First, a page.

The cost of the political violence in Somaliland is immeasurable and will have a lasting affect politically, socially and economically for all those who live and work in the country. Ironically, in this months (September 2009) issue of the National Geographic magazine, published weeks before the violence started, Somaliland was described as an oasis of calm and gradual progress whereas Somali was referred to as the worlds most failed state and where the best and most reliable employer was the terrorist organization Al-Shabab which allegedly pays $150 a month to their fighters.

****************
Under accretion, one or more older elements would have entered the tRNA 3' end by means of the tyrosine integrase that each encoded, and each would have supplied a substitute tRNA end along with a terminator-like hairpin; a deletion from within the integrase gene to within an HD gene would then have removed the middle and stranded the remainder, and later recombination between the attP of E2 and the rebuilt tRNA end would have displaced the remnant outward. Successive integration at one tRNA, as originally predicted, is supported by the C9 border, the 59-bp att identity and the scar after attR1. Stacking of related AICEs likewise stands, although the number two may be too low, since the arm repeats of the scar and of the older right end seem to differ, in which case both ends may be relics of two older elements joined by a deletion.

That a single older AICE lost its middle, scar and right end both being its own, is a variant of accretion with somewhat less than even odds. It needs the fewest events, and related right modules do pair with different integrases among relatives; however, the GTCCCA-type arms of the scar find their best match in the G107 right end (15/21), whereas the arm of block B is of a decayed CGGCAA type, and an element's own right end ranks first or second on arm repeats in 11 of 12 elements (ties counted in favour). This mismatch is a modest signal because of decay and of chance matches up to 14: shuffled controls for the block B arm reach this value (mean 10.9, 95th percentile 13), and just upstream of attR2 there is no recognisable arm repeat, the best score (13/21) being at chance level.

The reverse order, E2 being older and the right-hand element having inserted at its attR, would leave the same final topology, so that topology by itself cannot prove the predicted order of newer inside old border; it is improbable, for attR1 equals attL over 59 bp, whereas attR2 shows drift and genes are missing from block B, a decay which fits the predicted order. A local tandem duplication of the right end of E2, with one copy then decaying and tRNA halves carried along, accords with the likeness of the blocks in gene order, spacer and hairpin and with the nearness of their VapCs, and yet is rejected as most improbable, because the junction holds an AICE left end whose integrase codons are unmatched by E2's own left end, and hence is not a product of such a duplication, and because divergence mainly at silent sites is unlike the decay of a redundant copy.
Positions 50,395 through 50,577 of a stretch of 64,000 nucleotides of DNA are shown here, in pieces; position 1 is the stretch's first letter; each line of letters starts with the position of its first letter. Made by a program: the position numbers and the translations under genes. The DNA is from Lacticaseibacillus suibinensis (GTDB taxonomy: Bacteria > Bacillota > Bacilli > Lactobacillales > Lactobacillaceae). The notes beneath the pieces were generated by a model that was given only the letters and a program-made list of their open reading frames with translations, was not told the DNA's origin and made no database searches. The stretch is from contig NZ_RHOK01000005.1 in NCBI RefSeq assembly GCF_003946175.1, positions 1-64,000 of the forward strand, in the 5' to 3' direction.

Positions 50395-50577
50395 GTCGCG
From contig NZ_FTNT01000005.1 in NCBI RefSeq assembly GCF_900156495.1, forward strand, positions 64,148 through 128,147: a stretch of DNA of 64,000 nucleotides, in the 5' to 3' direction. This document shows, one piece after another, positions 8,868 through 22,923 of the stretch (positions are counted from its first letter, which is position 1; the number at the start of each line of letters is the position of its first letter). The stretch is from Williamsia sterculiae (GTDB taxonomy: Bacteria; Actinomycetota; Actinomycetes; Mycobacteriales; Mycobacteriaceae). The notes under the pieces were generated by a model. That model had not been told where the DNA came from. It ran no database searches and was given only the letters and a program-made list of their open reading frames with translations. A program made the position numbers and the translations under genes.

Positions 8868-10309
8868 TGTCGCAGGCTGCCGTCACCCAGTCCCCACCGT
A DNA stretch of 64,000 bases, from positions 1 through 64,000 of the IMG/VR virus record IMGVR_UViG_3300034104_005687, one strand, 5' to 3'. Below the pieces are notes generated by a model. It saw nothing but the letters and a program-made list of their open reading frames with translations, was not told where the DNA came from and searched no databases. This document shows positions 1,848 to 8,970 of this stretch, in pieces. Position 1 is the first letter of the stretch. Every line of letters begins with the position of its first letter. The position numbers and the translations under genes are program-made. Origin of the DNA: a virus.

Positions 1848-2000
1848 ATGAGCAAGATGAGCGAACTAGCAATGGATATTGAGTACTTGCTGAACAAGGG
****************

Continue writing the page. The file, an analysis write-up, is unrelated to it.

The pictures that accompanied the articles showed stark contrast between the war torn Somalia with its many empty shelled buildings and militia run streets and the tranquil streets of Hargeysa where in a side street the Photographer managed to capture a picture of young Somaliland women enjoying beauty and hair treatments at Zamzam’s beauty parlour. However, after the last two weeks of unrest and violence it would appear that this comparison maybe some what unreliable and premature as the Somaliland leadership cannot honestly claim that the nation has any moral or political authority over its war torn neighbour in the South.